Backing Out of a Parking Spot
Backing out of busy parking lots can be incredibly dangerous, especially if your vision is obstructed and people are driving too fast, not paying attention, or both. Situations like this can easily result in a t-bone car accident.
Why Are T-Bone Accidents So Dangerous?
Side impact collisions are incredibly dangerous, especially compared to other types of collisions such as front or rear end collisions. During front or rear end collisions, the driver is protected by several feet of metal, engine, trunk, and/or seats. All of these parts absorb the majority of the crash force so that the passengers hopefully don’t suffer as much harm.
Meanwhile, during t-bone car accidents, the driver and/or passengers are only protected by one layer: the car door, wall, or window. This layer is incredibly thin and does very little to absorb the force of the crash before the person is affected. The main factors that affect t-bone collision severity are the speed and size of the oncoming vehicle and the location of the impact relative to where a passenger is sitting. So if a large truck t-bones a car at a high speed right at the passenger door, the passenger has a high chance of suffering severe injuries and/or death from the force of the accident.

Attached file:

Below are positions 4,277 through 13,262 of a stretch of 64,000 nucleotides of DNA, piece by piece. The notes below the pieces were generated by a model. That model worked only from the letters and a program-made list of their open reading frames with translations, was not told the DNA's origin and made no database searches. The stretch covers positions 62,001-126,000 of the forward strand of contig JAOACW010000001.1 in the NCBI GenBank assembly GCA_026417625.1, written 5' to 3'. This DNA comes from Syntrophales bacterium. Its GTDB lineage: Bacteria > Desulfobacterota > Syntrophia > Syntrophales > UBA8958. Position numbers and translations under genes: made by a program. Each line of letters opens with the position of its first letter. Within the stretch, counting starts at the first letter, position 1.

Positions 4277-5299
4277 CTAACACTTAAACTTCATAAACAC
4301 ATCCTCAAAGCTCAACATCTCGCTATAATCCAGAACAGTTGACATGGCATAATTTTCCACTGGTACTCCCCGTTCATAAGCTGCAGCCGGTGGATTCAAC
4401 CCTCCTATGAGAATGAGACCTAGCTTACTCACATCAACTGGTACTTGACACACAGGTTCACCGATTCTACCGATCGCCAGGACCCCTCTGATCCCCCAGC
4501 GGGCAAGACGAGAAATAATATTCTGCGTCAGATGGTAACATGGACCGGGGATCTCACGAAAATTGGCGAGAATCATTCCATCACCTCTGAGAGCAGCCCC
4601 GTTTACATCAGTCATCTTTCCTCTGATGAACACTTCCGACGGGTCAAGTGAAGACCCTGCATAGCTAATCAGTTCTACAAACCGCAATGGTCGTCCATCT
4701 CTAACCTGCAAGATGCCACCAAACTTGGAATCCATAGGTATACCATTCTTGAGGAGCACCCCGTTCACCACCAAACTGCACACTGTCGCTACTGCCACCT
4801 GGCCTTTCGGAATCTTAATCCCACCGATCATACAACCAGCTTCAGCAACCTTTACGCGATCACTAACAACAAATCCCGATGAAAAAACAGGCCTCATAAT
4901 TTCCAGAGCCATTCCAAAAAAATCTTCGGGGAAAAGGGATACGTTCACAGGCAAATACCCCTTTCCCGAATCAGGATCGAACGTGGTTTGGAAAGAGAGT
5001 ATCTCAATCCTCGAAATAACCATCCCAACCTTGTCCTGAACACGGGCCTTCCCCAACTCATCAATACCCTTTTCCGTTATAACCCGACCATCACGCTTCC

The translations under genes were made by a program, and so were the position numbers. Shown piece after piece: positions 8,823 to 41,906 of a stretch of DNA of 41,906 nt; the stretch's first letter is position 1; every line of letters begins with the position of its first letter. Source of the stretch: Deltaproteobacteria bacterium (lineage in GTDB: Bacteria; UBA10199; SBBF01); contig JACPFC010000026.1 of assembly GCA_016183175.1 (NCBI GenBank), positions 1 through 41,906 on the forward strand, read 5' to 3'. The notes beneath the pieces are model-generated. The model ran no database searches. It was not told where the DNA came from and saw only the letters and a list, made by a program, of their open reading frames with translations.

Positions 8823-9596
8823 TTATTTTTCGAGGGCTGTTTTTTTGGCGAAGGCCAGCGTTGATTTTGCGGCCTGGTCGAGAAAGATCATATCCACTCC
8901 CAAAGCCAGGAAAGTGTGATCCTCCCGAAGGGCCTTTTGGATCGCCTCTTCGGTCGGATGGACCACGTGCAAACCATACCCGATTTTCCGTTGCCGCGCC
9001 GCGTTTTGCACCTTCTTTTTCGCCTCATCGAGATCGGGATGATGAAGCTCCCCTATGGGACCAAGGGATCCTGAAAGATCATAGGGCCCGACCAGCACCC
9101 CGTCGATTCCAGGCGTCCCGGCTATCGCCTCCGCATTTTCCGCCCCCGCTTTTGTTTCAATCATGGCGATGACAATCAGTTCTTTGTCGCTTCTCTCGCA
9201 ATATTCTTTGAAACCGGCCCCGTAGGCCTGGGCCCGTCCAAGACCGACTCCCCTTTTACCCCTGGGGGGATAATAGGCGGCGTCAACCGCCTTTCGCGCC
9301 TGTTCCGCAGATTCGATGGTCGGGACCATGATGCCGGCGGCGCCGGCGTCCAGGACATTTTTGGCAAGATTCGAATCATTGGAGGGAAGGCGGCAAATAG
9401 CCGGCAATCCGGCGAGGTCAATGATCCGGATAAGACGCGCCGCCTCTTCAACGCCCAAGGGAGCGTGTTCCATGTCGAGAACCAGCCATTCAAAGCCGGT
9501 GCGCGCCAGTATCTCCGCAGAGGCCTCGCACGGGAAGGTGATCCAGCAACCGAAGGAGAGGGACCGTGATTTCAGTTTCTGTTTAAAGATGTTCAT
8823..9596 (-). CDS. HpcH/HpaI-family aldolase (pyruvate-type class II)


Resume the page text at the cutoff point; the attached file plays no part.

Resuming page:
T-bone accident injuries are often much more severe than other types of accident injuries and can include:
- Traumatic brain injury
- Skull and facial fractures
- Eye damage and/or vision loss
- Neck injuries such as whiplash
- Spinal cord injuries
- Partial or complete paralysis
- Broken bones, such as shoulder or arm fractures, rib fractures, and/or vertebral fractures
- Seat belt syndrome
- Organ damage
- Severe bruising and/or lacerations
- Crush injuries such as compartment syndrome
- Wrongful death
Who is At Fault in a T-Bone Car Accident?
Most of the time, the driver whose front end collided into the side of another car is considered at fault in a t-bone accident. This driver is usually the one who violated a traffic rule (i.e. running a red light at an intersection) or engaged in some other reckless driving behavior and collided into someone who was following the rules.
T-bone accidents are often more complicated than other types of accidents, so determining fault can also be very complicated. In some cases, the driver who made the impact is not at fault because the struck vehicle was in the wrong place at the wrong time. If a car was sitting in the middle of an intersection for whatever reason when they shouldn’t be, and someone hit them while they had a green light, police and insurance may blame the driver in the middle of the intersection. It’s also possible for all vehicles involved to share a portion of the total blame, which will affect how much compensation they will recover from insurance or a personal injury claim.